5 Things You Might Not Know About 'The Dark Knight'

  • By Oliver Lyttelton
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  • July 19, 2012 10:03 AM
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  • 3 Comments
"Batman Begins" had been a modest hit, taking nearly $400 million worldwide, but given that "Superman Returns" made slightly more in 2006, and failed to launch a franchise, Christopher Nolan had to really push the boat out for his second film. And he certainly did. "The Dark Knight" was longer, bigger and better than its predecessor, pioneering the use of IMAX cameras in feature films and introducing one of the most unforgettable performances in genre movies, in the shape of Heath Ledger's Joker, who became an instant icon the moment the first trailer appeared.

5 Things You Might Not Know About 'Batman Begins'

  • By Oliver Lyttelton
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  • July 18, 2012 9:56 AM
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  • 9 Comments
While we appreciate that you're probably focused on this Friday's release of Daniel Auteil's directorial debut "The Well-Digger's Daughter," this week also sees the release of one other little film: "The Dark Knight Rises," the third and final chapter of Christopher Nolan's reinvention of the Batman character and world. The most critically acclaimed superhero franchise to date, the films have seen Nolan (who before turning to the series had only made three movies, all relatively small-budgeted thrillers) take a grounded approach, tackling the on-the-surface silly premise of a man dressing up as a bat to fight crime, and making it psychologically plausiuble in a way that's proven endlessly influential on tentpoles ever since.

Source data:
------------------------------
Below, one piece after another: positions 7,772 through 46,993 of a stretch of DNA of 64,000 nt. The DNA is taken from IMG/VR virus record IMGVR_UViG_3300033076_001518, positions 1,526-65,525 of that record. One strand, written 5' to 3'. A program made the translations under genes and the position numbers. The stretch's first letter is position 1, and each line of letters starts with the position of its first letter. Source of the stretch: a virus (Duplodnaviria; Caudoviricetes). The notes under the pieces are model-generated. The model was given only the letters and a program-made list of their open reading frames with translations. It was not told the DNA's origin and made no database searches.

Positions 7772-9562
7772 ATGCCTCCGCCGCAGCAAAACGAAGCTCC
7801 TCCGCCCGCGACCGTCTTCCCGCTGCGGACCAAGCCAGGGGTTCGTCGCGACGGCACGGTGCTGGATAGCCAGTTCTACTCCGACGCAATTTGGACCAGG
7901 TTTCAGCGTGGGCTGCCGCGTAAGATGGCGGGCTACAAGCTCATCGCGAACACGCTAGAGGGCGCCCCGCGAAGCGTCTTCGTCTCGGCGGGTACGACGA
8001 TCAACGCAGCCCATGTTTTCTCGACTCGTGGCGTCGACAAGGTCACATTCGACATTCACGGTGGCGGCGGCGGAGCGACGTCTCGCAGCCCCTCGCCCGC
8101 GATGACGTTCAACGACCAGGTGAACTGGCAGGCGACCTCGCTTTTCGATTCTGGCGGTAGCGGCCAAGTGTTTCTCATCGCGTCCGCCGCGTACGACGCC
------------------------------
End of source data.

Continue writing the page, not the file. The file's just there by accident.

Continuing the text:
5 Things You Might Not Know About Paul Verhoeven's 'Robocop,' Released 25 Years Ago Today

  • By Oliver Lyttelton
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  • July 17, 2012 2:53 PM
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  • 5 Comments
We're just over a year away from seeing "Robocop" back on screens, in a remake/reboot with "Elite Squad" director Jose Padilha making his English-language debut on the film, and an impressive cast featuring Joel Kinnaman, Gary Oldman, Abbie Cornish, Samuel L. Jackson and Hugh Laurie . A viral video has already appeared, and this weekend saw banners from the film debut at Comic-Con.

5 Things You Might Not Know About Disney's 'Tron,' Released 30 Years Ago Today

  • By Oliver Lyttelton
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  • July 9, 2012 10:55 AM
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  • 1 Comment